Hambone, a poodle-and-Bichon-Frise mix — a.k.a. “a ball of white fluff” — has a gift for stealing hearts with his loving gaze, his occasional curled-up “Elvis lip” and his snuggles, gently wrapping his two front paws around your arm while his face is gently stroked.
But in order for this sweet scenario to happen, he has to know he can trust you.
The 18-month-old pup has come a long way in his short life after being found in the woods.
“He is not aggressive, but he’s reactive because I’m sure he was hit and kicked. When we first got him if your foot went too close to him when you were taking a step, he would hop back,” said Leslie Henson-Kita, a volunteer with Helping Hands for Little Paws nonprofit rescue, who has rehabilitated him with a structured desensitization plan. “He is ready for adoption. He is such an awesome little dog. I call him a little boy in a puppy suit.”
He is just one of countless dogs that need a forever home in Arkansas. As Catholics celebrate the feast day of St. Francis of Assisi Oct. 4 and take their furry friends to pet blessings at local parishes throughout the month, people like Henson-Kita and Janet Sewell, a shelter volunteer at Charleston Dog Shelter, go the extra mile for animals in need every day.
“St. Francis and I are on a first-name basis,” Sewell laughed. “I’ve had many puppies with Parvo,” a contagious viral infection that can kill a dog if left untreated. “I’ll say, ‘OK, Lord I can’t do this myself.’ You have to give them Pedialyte every 30 minutes during the day and every hour each night. I have blessed oils and holy water, and I don’t hesitate to use them. I’ve had more than one puppy with Parvo pull through and it’s not from me or the Pedialyte.”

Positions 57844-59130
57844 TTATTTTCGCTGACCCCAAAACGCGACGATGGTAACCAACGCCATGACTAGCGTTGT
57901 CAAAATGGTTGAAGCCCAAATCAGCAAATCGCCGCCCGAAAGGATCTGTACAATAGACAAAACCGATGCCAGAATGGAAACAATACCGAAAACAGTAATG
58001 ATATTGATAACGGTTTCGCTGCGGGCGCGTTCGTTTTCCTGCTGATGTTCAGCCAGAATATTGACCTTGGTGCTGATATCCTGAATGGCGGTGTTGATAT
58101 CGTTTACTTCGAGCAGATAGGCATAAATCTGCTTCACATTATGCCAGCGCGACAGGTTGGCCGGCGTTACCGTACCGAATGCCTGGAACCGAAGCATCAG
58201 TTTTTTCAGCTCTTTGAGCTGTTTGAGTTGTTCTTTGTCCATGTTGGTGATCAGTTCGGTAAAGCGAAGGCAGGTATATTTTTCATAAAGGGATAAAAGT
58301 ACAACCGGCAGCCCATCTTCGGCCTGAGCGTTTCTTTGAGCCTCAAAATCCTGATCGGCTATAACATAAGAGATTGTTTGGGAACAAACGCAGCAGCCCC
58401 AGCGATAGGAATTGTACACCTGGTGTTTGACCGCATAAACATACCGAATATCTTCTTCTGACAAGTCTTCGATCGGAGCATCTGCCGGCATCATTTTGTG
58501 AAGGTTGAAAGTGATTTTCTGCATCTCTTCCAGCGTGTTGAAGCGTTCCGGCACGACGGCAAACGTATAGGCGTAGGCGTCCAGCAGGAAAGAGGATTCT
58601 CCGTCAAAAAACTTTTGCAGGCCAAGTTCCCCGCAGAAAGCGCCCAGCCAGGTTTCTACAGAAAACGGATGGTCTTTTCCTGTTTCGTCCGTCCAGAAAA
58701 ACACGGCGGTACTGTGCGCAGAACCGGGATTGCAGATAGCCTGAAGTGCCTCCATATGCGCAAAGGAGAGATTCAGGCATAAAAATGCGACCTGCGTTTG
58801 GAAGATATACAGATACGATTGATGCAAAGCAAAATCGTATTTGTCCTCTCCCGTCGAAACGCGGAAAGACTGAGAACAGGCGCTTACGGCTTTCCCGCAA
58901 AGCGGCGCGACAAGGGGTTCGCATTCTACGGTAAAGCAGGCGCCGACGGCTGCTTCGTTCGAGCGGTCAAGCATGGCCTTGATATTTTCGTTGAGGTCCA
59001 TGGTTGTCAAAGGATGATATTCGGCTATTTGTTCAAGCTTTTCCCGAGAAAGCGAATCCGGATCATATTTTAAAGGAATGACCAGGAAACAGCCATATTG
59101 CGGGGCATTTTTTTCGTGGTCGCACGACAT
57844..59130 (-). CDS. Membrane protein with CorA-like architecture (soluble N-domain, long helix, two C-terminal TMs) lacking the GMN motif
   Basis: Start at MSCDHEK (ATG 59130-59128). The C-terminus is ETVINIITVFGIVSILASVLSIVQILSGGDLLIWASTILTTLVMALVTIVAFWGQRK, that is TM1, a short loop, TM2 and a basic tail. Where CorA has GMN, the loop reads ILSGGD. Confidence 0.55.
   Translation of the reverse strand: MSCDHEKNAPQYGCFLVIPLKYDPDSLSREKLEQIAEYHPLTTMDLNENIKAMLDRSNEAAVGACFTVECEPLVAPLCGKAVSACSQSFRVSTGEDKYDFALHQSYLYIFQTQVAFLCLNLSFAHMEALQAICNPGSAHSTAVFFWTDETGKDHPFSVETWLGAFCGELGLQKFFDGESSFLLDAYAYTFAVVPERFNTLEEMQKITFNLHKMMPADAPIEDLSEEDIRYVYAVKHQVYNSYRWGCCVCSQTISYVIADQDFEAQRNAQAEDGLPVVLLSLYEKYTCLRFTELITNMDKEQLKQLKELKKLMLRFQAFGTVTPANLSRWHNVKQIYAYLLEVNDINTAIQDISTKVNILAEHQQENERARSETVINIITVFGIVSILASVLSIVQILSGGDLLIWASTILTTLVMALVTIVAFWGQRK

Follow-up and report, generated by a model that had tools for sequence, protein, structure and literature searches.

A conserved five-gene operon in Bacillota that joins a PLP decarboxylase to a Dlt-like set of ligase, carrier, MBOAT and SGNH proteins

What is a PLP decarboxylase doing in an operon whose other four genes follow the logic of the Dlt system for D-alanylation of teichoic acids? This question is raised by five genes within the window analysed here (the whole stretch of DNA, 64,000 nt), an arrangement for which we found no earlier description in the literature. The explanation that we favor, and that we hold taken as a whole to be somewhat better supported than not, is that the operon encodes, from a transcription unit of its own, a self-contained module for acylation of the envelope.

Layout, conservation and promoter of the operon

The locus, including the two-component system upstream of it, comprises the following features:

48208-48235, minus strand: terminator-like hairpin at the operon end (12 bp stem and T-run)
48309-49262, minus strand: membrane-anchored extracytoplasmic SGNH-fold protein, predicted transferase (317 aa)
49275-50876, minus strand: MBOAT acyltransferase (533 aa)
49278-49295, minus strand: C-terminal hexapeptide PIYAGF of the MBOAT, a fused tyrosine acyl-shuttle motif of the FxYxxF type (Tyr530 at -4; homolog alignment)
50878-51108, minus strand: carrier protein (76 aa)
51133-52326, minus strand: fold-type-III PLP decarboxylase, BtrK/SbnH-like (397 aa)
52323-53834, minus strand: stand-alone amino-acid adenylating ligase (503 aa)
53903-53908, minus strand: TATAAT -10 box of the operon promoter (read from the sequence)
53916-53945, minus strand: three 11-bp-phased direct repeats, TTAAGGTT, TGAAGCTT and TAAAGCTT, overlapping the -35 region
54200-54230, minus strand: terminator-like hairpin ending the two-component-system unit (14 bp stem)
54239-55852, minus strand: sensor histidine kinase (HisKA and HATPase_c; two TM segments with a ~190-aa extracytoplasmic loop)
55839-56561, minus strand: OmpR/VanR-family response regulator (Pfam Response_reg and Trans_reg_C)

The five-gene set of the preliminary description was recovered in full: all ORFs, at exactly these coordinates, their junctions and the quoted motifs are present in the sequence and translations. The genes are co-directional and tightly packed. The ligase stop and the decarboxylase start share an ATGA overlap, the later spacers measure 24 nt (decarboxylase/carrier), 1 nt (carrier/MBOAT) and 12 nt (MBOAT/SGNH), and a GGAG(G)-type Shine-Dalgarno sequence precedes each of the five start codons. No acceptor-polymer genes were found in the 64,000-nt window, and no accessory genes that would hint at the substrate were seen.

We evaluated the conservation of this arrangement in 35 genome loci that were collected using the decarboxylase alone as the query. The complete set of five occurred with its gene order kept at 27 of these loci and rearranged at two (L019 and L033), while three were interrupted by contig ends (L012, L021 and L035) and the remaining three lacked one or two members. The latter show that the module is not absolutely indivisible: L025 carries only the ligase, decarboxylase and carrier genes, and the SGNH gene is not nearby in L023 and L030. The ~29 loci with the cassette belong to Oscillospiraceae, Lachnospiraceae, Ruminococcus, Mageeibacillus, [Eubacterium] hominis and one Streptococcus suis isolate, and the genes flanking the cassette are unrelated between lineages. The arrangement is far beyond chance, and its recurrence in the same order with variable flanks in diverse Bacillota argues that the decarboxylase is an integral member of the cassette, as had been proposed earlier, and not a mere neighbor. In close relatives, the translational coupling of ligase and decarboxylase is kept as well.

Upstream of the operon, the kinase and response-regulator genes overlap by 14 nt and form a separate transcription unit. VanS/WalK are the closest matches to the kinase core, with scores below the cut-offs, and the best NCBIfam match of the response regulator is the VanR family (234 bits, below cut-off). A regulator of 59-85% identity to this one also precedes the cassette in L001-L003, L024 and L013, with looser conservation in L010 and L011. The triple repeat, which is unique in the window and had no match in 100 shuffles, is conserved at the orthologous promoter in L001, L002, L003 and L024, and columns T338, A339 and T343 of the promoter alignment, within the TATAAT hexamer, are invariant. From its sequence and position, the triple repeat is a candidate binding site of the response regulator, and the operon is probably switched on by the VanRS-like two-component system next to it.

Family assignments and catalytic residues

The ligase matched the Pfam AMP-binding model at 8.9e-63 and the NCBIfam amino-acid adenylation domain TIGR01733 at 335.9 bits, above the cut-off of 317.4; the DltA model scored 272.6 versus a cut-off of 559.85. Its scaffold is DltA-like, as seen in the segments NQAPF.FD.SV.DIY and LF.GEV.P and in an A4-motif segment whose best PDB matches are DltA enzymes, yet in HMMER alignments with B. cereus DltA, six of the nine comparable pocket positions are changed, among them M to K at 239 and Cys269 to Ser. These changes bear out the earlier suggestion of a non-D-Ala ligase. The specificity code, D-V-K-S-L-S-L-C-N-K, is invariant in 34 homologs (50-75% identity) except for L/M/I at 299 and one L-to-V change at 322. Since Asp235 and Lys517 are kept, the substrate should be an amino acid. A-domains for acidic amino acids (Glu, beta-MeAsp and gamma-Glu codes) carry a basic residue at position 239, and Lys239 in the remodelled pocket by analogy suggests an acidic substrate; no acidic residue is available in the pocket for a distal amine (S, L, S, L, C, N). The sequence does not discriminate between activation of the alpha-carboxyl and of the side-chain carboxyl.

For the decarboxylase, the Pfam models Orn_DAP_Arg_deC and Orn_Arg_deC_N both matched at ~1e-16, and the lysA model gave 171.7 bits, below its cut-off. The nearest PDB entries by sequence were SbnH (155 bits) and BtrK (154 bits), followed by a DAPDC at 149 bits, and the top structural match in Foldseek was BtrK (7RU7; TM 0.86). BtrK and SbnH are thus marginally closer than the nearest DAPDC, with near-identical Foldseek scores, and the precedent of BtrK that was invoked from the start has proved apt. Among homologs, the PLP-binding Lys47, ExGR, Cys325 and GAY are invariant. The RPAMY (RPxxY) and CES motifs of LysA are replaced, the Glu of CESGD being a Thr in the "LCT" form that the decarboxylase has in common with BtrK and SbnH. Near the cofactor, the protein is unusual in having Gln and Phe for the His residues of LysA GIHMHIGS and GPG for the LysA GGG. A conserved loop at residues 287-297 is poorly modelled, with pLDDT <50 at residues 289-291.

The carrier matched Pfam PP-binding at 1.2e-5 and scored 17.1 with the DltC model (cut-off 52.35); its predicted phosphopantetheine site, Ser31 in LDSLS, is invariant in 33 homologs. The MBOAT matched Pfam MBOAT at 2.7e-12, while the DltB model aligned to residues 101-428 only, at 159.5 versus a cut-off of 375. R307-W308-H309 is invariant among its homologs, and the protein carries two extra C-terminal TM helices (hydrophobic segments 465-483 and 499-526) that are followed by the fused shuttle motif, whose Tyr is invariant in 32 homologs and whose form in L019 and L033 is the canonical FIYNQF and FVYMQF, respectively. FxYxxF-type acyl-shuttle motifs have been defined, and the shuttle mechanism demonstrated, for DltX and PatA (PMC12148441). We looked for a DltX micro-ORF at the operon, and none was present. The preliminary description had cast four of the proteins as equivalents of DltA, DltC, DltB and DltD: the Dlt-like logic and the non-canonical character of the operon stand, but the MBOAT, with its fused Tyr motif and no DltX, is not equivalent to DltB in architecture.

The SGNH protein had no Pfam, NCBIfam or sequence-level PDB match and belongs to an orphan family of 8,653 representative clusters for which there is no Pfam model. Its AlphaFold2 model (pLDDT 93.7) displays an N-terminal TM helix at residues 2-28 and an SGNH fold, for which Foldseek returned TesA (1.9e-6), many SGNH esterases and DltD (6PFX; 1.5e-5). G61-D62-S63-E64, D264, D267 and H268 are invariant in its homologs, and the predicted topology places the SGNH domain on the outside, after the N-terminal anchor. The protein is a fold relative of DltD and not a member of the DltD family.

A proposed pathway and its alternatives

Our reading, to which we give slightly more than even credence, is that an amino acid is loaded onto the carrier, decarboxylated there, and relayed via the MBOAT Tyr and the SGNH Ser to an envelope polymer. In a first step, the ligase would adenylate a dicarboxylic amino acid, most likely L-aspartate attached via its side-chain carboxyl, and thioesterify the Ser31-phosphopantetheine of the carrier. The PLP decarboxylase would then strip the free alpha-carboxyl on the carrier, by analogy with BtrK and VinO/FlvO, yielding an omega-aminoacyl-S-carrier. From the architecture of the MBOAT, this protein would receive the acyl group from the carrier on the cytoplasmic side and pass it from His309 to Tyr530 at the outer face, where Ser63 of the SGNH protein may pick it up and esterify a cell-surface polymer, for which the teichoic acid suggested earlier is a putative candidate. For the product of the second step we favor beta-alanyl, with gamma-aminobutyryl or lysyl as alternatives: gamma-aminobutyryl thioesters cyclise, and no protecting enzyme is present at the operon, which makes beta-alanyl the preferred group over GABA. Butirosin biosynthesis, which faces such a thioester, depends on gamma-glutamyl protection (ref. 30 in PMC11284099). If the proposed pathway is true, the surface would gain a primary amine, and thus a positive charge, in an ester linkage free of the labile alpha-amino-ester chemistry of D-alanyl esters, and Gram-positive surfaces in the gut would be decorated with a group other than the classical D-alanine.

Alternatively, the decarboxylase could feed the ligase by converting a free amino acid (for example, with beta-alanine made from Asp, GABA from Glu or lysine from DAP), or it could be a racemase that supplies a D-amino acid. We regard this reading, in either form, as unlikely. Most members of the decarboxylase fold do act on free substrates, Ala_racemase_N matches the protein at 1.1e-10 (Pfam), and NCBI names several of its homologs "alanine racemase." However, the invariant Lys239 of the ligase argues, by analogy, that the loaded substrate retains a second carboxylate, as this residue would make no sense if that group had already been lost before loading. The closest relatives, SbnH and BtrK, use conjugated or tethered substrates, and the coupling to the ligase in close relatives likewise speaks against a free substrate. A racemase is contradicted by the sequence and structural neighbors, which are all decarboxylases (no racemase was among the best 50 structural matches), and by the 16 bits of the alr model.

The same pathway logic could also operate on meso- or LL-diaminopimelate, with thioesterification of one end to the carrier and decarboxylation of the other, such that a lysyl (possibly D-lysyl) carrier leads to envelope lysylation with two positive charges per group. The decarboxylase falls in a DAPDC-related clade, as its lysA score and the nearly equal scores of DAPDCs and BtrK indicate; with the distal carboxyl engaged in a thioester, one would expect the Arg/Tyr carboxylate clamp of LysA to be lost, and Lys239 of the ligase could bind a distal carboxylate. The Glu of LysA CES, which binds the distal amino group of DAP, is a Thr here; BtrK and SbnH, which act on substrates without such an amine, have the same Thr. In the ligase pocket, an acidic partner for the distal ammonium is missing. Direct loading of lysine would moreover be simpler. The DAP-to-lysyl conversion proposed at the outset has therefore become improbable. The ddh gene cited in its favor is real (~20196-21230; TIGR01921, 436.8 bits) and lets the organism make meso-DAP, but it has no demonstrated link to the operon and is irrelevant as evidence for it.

Sewell, a married mother of two and member of Sacred Heart Church in Charleston, has been volunteering at the shelter for four and half years. The shelter recently received nonprofit status to allow donations toward an actual building — for now, the shelter’s 30 dogs are on a property with covered kennels, but they are still outside in the elements, she said. Throughout the years, Sewell’s family has fostered more than 600 dogs, some for just a night but others for longer stretches.
While the days and nights can be hard, rescue and shelter workers often have their stories, cases that make all the work worth it. For Sewell, little Finn — who her daughter named because it means “warrior” — was one such dog. In July, Finn, an Australian Shepherd mix, came from Alma with a severe case of manage. He was 10 weeks old and weighed just 9.2 pounds instead of 18, she said.
“I just immediately cried when I saw him. Let’s just take him to the vet,” she said, thinking there was no hope to save him. She put his photo on Facebook and asked for prayers — “We don’t hesitate to say we need prayers” — and within days, his photo was spread nationwide and donations poured in that were able to go to him and the other dogs under the shelter’s care, she said. His condition healed faster than the vet anticipated, his fur grew back and he was adopted in August.